Even if you have not seen the movie Frozen you have heard “Let it Go.” The movie’s power ballad was inescapable after the release in 2013. The movie went on to make millions, win Academy Awards and, most recently, it spawned a big-budget Broadway musical. The Walt Disney Company knows a good opportunity when it sees one and, after seeing the show in New York last month, it’s hard to argue with their logic. Frozen is a faithful adaption: the magic, the music and the story are all brought to life with exquisite detail and expert performances.
The Frozen story is originally drawn from Hans Christian Andersen’s fairy tale “The Snow Queen” and follows sisters Anna and Elsa, the latter of which has the power to create snow and ice. When Elsa becomes queen of Arendelle and accidentally turns the kingdom to an ice town (Parks and Rec anyone?) Elsa flees the kingdom and Anna sets off to find her.
The movie version of Frozen was essentially a movie musical so it comes as no surprise that the movie translates well to the stage. The show includes the music from the movie but is filled out with new material. Adding new music to a beloved story is a risk that may not pay off (ahem, Aladdin) but in the case of Frozen the new musical numbers feel like a natural fit. For example, “A Little Bit of You” and “Hygge” are fun and serve as a showcase for the talented young performers and ensemble cast. And then there is the moment for which the entire audience has been waiting. The audible gasp when the audience hears the opening strains of “Let it Go” illustrates the exact reason live theater is so important. The collective, immediate experience of a performer inspiring joy right before your eyes is impossible to replicate in any other medium.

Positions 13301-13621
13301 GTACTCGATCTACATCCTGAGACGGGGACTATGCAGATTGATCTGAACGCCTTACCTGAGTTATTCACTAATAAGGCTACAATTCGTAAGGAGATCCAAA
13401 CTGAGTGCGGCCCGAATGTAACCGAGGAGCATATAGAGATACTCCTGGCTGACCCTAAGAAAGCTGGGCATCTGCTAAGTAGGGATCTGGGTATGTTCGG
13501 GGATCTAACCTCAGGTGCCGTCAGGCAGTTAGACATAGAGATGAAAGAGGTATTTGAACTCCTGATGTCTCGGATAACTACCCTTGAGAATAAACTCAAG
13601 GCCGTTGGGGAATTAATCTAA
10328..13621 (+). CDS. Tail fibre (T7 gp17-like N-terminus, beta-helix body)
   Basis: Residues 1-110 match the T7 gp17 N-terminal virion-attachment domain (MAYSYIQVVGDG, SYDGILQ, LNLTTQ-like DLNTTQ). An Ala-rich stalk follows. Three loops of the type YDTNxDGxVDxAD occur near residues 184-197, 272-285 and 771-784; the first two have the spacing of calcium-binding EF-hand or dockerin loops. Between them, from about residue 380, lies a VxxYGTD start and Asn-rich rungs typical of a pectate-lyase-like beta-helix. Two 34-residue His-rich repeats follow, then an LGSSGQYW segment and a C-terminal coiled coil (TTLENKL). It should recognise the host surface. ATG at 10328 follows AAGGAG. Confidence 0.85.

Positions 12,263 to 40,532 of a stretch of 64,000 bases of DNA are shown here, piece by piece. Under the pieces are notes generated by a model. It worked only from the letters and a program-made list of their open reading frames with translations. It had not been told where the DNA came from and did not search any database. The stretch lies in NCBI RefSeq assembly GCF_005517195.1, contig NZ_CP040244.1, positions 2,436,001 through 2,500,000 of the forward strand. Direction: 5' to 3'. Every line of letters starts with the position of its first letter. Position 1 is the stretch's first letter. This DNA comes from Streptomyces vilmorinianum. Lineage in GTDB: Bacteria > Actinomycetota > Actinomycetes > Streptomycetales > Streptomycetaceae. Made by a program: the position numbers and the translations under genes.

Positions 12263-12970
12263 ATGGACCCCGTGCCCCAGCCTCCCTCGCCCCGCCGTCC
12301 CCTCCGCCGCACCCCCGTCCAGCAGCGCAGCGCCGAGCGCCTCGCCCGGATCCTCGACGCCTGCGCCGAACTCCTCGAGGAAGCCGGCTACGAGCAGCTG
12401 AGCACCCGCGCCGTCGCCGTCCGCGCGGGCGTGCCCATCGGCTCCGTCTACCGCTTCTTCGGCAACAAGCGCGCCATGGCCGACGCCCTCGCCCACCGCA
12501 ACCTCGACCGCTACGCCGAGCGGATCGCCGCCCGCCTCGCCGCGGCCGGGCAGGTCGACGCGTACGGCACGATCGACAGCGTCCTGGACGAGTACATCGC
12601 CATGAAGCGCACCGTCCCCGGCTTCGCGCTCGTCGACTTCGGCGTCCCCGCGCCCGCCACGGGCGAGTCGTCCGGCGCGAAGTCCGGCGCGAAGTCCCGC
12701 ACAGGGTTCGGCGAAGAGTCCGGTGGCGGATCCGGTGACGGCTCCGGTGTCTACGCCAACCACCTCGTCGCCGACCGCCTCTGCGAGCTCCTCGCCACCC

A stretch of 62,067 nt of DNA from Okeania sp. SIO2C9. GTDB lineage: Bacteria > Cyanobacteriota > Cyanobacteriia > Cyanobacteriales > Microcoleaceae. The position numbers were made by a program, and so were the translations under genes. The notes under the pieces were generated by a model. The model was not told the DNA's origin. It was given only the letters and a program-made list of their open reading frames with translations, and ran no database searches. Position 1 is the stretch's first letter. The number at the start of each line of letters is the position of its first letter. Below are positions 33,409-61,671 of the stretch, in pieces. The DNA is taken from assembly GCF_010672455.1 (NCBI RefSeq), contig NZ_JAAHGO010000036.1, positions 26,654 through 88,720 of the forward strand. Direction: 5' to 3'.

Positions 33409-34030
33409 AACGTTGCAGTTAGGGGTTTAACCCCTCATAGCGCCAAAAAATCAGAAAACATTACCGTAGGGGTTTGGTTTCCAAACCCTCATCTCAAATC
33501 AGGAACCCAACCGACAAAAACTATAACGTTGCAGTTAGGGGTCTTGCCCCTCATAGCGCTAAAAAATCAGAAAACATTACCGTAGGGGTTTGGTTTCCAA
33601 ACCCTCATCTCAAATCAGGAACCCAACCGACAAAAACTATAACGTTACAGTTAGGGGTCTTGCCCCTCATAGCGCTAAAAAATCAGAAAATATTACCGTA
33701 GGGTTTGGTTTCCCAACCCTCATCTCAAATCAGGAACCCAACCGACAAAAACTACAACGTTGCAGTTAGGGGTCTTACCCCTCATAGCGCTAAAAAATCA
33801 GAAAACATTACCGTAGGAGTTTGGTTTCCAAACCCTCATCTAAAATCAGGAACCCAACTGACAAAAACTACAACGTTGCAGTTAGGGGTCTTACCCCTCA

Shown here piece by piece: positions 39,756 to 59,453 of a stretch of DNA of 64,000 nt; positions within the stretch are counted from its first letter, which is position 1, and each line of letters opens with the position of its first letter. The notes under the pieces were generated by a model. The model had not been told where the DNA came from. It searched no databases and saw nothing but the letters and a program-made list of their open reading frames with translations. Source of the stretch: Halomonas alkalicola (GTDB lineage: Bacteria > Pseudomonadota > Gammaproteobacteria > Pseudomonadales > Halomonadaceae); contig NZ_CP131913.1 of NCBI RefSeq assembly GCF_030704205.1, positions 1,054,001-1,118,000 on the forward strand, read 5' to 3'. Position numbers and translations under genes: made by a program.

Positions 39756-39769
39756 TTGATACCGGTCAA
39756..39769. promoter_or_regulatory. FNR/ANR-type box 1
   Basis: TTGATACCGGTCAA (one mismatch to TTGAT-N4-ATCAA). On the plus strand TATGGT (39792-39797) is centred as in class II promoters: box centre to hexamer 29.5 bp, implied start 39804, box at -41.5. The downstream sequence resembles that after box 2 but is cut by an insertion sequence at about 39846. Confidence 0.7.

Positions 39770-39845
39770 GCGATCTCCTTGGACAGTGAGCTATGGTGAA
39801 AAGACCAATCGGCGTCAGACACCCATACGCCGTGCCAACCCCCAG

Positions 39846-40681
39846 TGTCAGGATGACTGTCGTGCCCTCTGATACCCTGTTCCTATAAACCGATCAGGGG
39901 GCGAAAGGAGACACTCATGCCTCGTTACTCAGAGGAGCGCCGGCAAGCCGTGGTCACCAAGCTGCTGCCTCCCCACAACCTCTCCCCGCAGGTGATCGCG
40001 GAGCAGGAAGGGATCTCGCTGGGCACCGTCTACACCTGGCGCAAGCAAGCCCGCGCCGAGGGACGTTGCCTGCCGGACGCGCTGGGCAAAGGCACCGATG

|Caissie Levy as Elsa and Patti Murin as Anna|
Of course no matter how good the music, the book and the design, it all falls flat if the actors tasked with bringing the story to life are not up to the task. Caissie Levy has the weight of “Let it Go” on her shoulders but you would not know it to look at her. Her Elsa navigates the arc from fear to confidence to contentment with poise. On top of that, Levy’s voice is impeccable, smooth and strong; she belts the high notes without belying any of the difficulty inherent in that task. And while Elsa has the biggest moment of the show, it is actually Anna who has more stage time, so it is perfect that Patti Murin is tailor-made for the role. Murin imbues Anna with a bubbly brightness and the head and heart of a modern princess. Jelani Alladin and Greg Hildreth, as Kristoff and Olaf, have great comedic timing, always appreciated in a show where the meat of the story is not rooted in comedy, and the ensemble is made up of a talented group of singers and dancers.